Determination of ERK activity: The immunoprecipitates of GFP-ERKs proteins obtained from the stimulated transfected CHO cells were mixed with MBP (8.4 µg) and Buffer R with 100 µM [g-32P] ATP (1-2 cpm/fmol) in a final volume of 30 µl. The phosphorylation reaction allowed to proceed at 30oC for 20 min, after which it was terminated by sample buffer and boiling for 5 min. Phosphorylation of MBP was assessed by autoradiography.
Subcellular localization of ERK2 and its inactive mutant. In response to mitogenic stimulation, ERK1/2 are translocated from the cytoplasm into the nucleus . In order to characterize this dynamic change in subcellular localization we have previously  fused green fluorescent protein (GFP) to the N-terminal end of ERK2 (GFP-ERK2). We showed that overexpression of GFP-ERK2 in CHO cells results in a nuclear accumulation of the protein both before and after stimulation. Co-expression with MEK1 results in a cytosolic-retention of the GFP-ERK2 in resting cells, and this is mediated by residues 312-320 of ERK2 (CRS). This localization is rapidly changed upon mitogenic stimulation of the cells, which causes a dissociation of ERK2 from its cytosolic anchor, and enables its translocation into the nucleus. To further study the molecular mechanisms that govern the subcellular localization of ERK2 we followed the changes in the subcellular localization of GFP-ERK2 shortly after transfection (six hours after the beginning of the transfection procedure and one hour after its end). Under these conditions, GFP-ERK2 was equally distributed all over the resting cells (Fig. 1A), and TPA stimulation induced a rapid nuclear translocation of the majority of GFP-ERK2 molecules. In later time points after transfection (12 to 48 hours after transfection) the total amount of GFP-ERK2 was increased, and the vast majority of it was detected in the nucleus both before and after TPA stimulation. These results can be explained by saturation of a limited number of endogenous cytosolic anchoring proteins by newly synthesized GFP-ERK2 molecules. A slow rate nuclear-translocation of an excess of synthesized GFP-ERK2 into the nucleus is probably responsible for the gradual accumulation of protein in the nucleus. However, stimulation is able to cause the detachment of the ERK1/2 from their endogenous cytosolic anchor and induce a fast rate translocation that is completed within 5 min after stimulation (Figure 1A). This system enabled us to follow interactions with endogenous anchoring proteins as well as ERK2 translocation into the nucleus.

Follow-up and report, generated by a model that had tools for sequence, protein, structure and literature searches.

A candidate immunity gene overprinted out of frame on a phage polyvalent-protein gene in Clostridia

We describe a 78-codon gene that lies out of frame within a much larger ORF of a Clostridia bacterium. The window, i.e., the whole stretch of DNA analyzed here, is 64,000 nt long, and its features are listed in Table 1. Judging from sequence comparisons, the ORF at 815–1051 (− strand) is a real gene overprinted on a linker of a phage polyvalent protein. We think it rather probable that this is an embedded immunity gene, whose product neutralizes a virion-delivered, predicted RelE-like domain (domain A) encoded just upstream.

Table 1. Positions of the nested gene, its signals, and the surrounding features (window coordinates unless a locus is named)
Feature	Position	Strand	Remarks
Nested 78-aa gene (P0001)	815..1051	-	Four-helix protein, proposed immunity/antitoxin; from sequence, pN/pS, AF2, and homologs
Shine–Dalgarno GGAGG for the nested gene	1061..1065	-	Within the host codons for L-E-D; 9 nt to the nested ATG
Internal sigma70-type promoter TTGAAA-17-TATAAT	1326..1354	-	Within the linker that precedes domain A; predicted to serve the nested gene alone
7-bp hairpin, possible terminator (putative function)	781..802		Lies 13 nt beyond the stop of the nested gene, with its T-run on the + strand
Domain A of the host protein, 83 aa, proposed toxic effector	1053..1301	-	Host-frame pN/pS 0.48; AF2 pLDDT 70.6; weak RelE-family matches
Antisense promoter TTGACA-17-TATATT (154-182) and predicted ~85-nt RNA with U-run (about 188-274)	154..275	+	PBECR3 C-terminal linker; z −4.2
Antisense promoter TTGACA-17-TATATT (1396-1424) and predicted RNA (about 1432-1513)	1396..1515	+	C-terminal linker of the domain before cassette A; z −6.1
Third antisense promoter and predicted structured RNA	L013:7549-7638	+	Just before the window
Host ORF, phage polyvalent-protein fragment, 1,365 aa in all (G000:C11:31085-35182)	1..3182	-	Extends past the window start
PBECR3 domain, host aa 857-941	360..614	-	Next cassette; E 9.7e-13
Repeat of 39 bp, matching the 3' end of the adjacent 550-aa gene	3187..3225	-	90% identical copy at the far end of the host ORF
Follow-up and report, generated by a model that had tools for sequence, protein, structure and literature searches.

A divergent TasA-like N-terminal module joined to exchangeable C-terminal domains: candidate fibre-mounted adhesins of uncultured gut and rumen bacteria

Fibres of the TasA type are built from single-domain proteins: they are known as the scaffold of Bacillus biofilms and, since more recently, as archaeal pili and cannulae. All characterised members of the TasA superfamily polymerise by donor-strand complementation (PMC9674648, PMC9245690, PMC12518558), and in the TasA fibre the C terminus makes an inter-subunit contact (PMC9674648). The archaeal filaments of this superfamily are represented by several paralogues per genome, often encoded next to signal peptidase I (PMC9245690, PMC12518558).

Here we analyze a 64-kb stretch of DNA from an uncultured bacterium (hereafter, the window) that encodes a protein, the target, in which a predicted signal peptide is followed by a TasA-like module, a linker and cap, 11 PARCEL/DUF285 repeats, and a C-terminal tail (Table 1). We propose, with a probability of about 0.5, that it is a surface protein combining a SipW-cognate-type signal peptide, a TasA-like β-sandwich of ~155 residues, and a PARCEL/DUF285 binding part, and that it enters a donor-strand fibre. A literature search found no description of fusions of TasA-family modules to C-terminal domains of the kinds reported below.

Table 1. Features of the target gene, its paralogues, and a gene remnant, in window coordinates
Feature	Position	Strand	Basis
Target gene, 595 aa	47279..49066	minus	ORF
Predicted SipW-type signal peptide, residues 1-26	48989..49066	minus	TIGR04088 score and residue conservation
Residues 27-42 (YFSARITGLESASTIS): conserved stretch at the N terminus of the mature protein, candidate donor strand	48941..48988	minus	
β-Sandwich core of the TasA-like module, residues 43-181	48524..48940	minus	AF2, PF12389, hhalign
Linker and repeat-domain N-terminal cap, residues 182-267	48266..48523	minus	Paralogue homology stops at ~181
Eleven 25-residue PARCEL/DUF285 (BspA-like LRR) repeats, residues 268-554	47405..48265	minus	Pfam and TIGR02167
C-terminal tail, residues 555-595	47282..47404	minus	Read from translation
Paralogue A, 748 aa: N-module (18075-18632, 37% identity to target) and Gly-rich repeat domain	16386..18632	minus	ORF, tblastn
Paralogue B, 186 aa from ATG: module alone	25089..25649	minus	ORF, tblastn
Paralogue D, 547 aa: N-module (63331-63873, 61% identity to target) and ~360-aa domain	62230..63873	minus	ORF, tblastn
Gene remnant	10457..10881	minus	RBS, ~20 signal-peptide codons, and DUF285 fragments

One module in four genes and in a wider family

Figure 2. Schematic representation of the activation loop mutants of ERK2. Sites of mutation of GFP-173A, GFP-176A, GFP-D176, GFP-179A and GFP-183A is indicated. The phosphorylated residues 183 and 185 are indicated with P. GFP-ALC was prepared by substitution of residues 170-190 with the homologous residues from MEK. The residues that were substituted to alanines in HL-GFP are indicated by *.
Figure 3: Phosphorylation state of GFP-ERK2 and its activation loop mutants. CHO cells were transfected with the indicated constructs. Thirty-two hours after transfection the cells were serum-starved for 16 hours and then were either left untreated (-) or stimulated with TPA (+; 250 nM, 5 min). A: cell lysates were prepared as described under Materials and Methods and analyzed with anti-DP-ERK antibody (a-DP-ERK, upper panel) or anti-GFP antibody (a-GFP, lower panel). B: cell lysates of GFP-ERK2 and GFP-179A were prepared and analyzed with anti di-phosphorylated/Threonine phosphorylated ERK antibody (clone 115, Sigma, Israel). G-ERKs indicates the position of GFP-ERK2, and ERK1/ERK2 indicates the position of the endogenous ERK1 and ERK2. These results were reproduced five times.